'Toward a Feminist Poetics' by Elaine Showalter
Summary and Overview
'Toward a Feminist Poetics' by Elaine Showalter : a Summary
- Feminist literary criticism was marginalised and most prominent literary critics of the 1970s were prejudiced against it. This was because feminist theory was not articulate.
- Suspicion of theory is another factor that prevents the development of feminist critical practice. Since literary theory has always been patriarchal, feminist critics are unable to comfortably rely on it. This isolates feminist theory even further.
- Many feminist critics in the United States believe that the inclusion of feminist theory in male dominant academia will deprive it of its very essence
- Showalter categorizes feminist criticism into woman as a reader, and woman as a writer. Woman as a reader or feminist critique focuses on literature written by men. It highlights the stereotypical perception of womanhood and explores traditional ideological assumptions in literary works by men. On the other hand, woman as a writer or gynocriticism focuses on woman as a writer where she is the one who creates the text, history, meaning, etc.
- 'Toward a Feminist Poetics' examines Thomas Hardy's The Mayor of Casterbridge through feminist critique. Showalter shows how feminist critique focuses solely upon the conditions and treatment of women with respect to men. She points out that if we continue to do so, we will never be able to shift our focus to women's experiences without a masculine influence.
- In contrast to the male obsessed feminist critique, gynocriticism goes beyond and attempts to create a tradition of women's experiences, literature, and theory free of conventional assumptions.
- Showalter provides examples of gynocriticism through the works of Carroll Smith-Rosenberg, Nancy Cott, Ann Douglas, and Nina Auerbach.
- Women's literature must be read and studied in relation with their personal history, political, and social situation. Showalter provides an example through Cora Kaplan's review about Elizabeth Barrett Browning's 'Aurora Leigh'. She emphasizes how Kaplan completely ignores the factor that must have impacted Browning's writer the most– her relationship with her husband, Robert Browning, who himself was a celebrated writer.
- Showalter mentions how Florence Nightingale considers the pain and suffering of feminist awakening a guarantee of new change and progress. Female suffering has always been a popular literary commodity, and many significant and popular works have included it in their plots. However, Showalter suggests that women's literature must not stay confined to the themes of death, madness, and suffering, and must go beyond it.
- Since the publishing industry was male dominated too, women could not write anything without being free of mental bondage to get appreciation or acceptance from a male publisher. According to Showalter, only when all such mental barriers are removed, will women be able to create a literature with a distinct and 'precious speciality'.
- 'Toward a Feminist Poetics' by Showalter also refers to the three phases or stages of feminist literary criticism. The first phase is the feminine phase where women aimed to compete with male writers, and compared their craft with that of their male contemporaries. The second phase is the feminist phase where the critics focus on the injustices and wrongs done to women in literary texts, and reject the conventional roles of females. Finally, the female phase is independent of the dependency on and obsession with the male literature. It instead aims to focus on creating a female literary tradition that includes women's internal experiences and personal history.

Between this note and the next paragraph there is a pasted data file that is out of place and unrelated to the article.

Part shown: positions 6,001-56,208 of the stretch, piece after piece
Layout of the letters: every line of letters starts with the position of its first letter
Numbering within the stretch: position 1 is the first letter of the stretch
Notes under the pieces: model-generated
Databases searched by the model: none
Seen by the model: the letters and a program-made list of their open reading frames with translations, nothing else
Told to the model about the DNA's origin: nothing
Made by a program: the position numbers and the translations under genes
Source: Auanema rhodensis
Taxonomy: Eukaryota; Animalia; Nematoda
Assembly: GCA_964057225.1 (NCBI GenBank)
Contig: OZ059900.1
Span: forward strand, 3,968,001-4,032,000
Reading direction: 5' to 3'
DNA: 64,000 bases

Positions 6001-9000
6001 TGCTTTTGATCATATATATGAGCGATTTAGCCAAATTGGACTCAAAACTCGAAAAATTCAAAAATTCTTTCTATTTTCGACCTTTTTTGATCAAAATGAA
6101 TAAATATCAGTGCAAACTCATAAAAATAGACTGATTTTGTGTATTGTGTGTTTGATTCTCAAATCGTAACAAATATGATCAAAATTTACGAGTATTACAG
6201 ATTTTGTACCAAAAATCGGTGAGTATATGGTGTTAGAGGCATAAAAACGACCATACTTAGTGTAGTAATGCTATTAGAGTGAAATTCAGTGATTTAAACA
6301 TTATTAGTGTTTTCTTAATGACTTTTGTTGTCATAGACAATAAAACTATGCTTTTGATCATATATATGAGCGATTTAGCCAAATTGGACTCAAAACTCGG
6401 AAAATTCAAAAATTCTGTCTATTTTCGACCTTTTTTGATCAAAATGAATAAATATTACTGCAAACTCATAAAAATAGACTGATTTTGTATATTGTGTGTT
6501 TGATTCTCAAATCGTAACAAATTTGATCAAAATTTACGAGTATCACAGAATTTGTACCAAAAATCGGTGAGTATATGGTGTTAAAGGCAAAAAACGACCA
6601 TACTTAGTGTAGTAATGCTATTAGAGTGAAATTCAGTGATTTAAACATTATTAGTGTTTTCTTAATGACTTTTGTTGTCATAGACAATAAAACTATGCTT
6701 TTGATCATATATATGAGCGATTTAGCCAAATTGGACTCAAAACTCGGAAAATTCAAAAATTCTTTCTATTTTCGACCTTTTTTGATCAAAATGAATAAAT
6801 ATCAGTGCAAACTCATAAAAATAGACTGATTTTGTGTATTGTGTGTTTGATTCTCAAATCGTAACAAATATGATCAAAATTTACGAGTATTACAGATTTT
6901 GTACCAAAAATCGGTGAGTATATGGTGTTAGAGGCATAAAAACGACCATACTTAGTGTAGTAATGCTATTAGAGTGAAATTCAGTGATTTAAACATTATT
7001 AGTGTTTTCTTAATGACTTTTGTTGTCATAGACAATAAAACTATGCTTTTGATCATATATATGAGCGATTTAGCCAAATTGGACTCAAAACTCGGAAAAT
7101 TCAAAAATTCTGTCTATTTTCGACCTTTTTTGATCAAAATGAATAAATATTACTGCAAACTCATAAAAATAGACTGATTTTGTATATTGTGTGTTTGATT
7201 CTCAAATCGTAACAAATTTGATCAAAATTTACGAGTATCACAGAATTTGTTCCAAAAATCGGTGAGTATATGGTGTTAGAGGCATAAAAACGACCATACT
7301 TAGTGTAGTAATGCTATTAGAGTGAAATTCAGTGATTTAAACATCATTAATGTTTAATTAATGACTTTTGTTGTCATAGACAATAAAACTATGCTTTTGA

- Showalter further talks about how feminist literary criticism and theory has reached a dead-end despite interacting with prominent theories such as Marxism and Structuralism. These theories constitute a higher criticism that is considered professional and scientific, while the subjective and humanistic feminist criticism is either excluded or is seen as lower criticism. Feminist criticism realises that we are the products of both, a male dominated literature, theory, academia, and publishing, and a new female movement that accepts the intellectual challenge of rewriting history, poetry, and rhetoric according to women's intellect, experience, suffering, and vision.
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Charlotte Perkins Gilman. The Man-Made World, or Our Androcentric Culture, by Charlotte Perkins Gilman. London, T. Fisher Unwin, 1911.
Daly, Mary F. Beyond God the Father: Toward a Philosophy of Women’s Liberation. Boston, Beacon Press, 1973. (p. 12-13)
Diamond, Arlyn, and Lee R Edwards. The Authority of Experience. Amherst : University of Massachusetts Press, 1977.
Elizabeth Barrett Browning. Elizabeth Barrett Browning’s Letters to Mrs. David Ogilvy. Quadrangle/The New York Times Book Company, 1973.
Michelle Zimbalist Rosaldo, et al. Woman, Culture, and Society. Stanford, Calif., Stanford University Press, , Printing, 1974. (p. 39)
Showalter, Elaine. A Literature of Their Own : British Women Novelists from Bronte to Lessing. London Virago, 1978